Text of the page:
There are of course, many customers who LOVE preorders -- but they love you anyway.

Daniel Barnett said...

Really interesting stuff, Joe, thanks. I just published my second novel with a very narrow preorder window in line with a few of the thoughts you'd shared on preordering in the past, so this all has been swimming around my mind a lot recently.

I could see rebranding all of your Kilborn titles as Konrath working out for you, but I also wonder if horror might just naturally sell a bit less than the thriller genre. Perhaps the correlation is there instead of with the author name. Then again, I don't think you're in the same position as you were when you gave birth to Kilborn, so killing him off likely wouldn't hurt you at all (your Konrath brand is probably big enough by now to support the weight of both genres without dividing/confusing readers).

Typing this up on my phone, so I hope it all comes through readable. Thanks again for your readiness to share.

The Daring Novelist said...

I should add to what I said above: while as a reader I hate preorders, I love e-ARCs. Baen does them to great effect. Even if it means paying more and getting an imperfect product, you do GET the product, and it increases reader loyalty.


Great info as usually again Joe. The prices are great. I love the idea of a massive three story launch. In goes along with the internet/cable tv binge watching mode that is fixed in the millennials today. As a reader and a writer I love coming across books that do this over lapping. One of my favorites is Peter Straub's Blue Rose trilogy. I highly recommend.

Louis Shalako said...

I should have done a pre-order but I don't have a cover yet and asset-less pre-orders kind of scare me.

Brian Drake said...

When you set up a pre-order, though, you're really making a commitment. I set up a pre-order with a romantic suspense title, and then cancelled the pre-order (to launch wide instead), and Amazon *banned me* from doing another pre-order for 12 months. I'm a naughty, naughty boy.

ML Banner said...

I love Amazon pre-order for my books for many of the reasons that you’ve described.

Putting a book in pre-order does reduce the number of sales you’d have received for that book if it were just released. Besides the number of people who will just ignore pre-orders for various reasons, including it not having reviews (without publishing the print version first and going through the work with advanced readers), you don’t have the benefit of KENP page reads. For me, this is almost 50% of the “sales” of a newer book. All of this of course means less visibility for your book. And that means less actual sales.

Plus, I believe you lose a little of the “buzz” through pre-order, because some of the excitement is missing when buying a book, but not receiving it until later, after you’ve forgotten (and find it on your Kindle).

However, it’s damn cool that you can sell a book before it’s even ready for publishing! So, you could say you’re gaining sales that you wouldn’t have even obtained if you waited to publish when ready.

Also, and this is huge, pre-order sales really help bolster sales of previous volumes in a series and other books in the author’s catalog. Imagine if you’re a reader and you buy an author’s pre-order book, but wanting that instant gratification, you search the author’s catalog and find something similar. Bingo, another sale! This was confirmed by a couple of readers, who did exactly this.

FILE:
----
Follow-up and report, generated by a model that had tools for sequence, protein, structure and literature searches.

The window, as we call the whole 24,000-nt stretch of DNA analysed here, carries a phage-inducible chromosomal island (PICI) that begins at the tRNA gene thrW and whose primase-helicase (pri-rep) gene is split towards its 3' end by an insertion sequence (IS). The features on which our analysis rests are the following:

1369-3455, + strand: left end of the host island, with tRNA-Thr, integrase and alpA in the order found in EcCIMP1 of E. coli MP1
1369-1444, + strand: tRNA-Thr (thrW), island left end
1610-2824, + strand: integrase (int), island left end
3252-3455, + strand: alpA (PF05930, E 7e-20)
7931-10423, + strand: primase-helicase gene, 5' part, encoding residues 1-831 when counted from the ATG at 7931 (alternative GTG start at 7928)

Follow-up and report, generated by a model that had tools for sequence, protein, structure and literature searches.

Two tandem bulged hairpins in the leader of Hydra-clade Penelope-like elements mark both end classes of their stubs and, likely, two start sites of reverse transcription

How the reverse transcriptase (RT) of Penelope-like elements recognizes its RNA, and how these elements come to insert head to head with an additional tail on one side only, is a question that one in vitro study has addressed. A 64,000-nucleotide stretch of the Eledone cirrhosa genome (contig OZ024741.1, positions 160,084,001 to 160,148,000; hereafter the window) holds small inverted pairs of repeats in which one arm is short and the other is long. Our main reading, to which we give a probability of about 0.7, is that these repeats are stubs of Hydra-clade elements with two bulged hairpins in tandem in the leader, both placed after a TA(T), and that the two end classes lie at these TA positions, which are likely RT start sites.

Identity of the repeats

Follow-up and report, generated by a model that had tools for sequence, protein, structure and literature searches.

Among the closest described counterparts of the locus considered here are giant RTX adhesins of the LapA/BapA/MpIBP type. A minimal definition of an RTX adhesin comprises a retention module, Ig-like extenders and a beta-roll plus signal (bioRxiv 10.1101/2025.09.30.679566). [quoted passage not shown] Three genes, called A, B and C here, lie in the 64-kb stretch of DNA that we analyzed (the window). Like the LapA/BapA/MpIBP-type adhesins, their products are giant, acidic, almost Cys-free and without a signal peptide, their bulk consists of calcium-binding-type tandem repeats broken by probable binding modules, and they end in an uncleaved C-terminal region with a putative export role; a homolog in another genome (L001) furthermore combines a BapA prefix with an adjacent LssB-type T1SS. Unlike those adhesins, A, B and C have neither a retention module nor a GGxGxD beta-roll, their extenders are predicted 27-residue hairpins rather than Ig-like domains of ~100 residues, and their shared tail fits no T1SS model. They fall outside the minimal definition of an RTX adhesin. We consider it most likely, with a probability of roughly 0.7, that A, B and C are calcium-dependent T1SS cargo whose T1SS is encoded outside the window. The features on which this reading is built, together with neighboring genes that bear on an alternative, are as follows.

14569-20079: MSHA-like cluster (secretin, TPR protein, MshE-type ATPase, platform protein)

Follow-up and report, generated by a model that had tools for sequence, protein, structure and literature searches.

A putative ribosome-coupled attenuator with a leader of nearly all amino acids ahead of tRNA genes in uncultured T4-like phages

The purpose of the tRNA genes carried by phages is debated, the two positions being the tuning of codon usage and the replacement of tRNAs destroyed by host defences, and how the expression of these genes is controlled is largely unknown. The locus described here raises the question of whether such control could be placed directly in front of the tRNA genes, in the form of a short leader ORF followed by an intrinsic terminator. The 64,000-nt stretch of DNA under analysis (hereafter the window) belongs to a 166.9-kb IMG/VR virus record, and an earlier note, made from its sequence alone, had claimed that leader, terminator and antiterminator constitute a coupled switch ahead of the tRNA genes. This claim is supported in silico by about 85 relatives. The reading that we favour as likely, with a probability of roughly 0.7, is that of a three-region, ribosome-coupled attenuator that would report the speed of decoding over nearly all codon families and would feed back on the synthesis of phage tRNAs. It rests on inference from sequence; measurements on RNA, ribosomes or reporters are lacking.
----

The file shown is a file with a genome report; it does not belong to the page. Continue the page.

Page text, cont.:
I’m not sure I would use pre-order for the start of a series (my most recent book was launched using pre-order), but I absolutely do (and will) for subsequent books in a series. My evidence in these cases, is that pre-order sales will always lift the others.

Thanks for your take on this issue. I learned something new with the ability to upload updated manuscripts up to 72 hours before publish date. I’d thought that we were locked out at 10 days. I probably won’t test that one out though, just in case.

My apologies if this was posted more than once.

Patricia Lynne said...

Since I self publish, I've wondered why bother with a preorder when I can just put the book up for sale when it's done too. The thing that keeps me going back to having a preorder is it is nice to have that link before hand. I can set up promotions for release day and include the link instead of waiting last minute to get it. Same with a blog tour. If I'm doing a blog tour, I already have the link they can include to send readers to the book's sale page on the day of release. I've taken part in many blog tours where the day before I posted, I had the author emailing me the link because they finally hit publish.

As a reader, I thought I'd add, I do preorder ebooks. I don't preorder paperbacks because every time I did, Amazon would take TWO weeks AFTER the release day to ship my book. Not an issue with preorder ebooks. It's also a bit of an impulse buy for me. I see I'm able to buy it and have it delivered on release day, so I'm more likely to click buy, but if I put it in my wishlist chances are I will end up deleting it and never buying.

Easydoesit said...

Just wondering about the reasons you've chosen to stay exclusive with Amazon. I assume you think the KENP reads make up for possible sales thru other vendors. Just wondering. Respect your knowledge and views.

Anonymous said...

Rebrand as Konrath.

Thanks for sharing figures.

Alexis said...

It is SO great that you share your data and observations! I have no words for how grateful I am for your generosity! I'm a first-time nonfiction self-published author with a pretty decent following online and a book coming out in late summer. I've read that pre-sales don't count towards launch-week sales volume on Amazon. And that having a large number of sales fall in one week is how you get a high ranking on the amazon charts (leading to more visibility, etc.). Thus it seems there is a tradeoff in potentially lost sales by NOT having preorder available vs. optimizing your shot at hitting a top spot on the charts (which presumably leads to better exposure/sales/unsure?).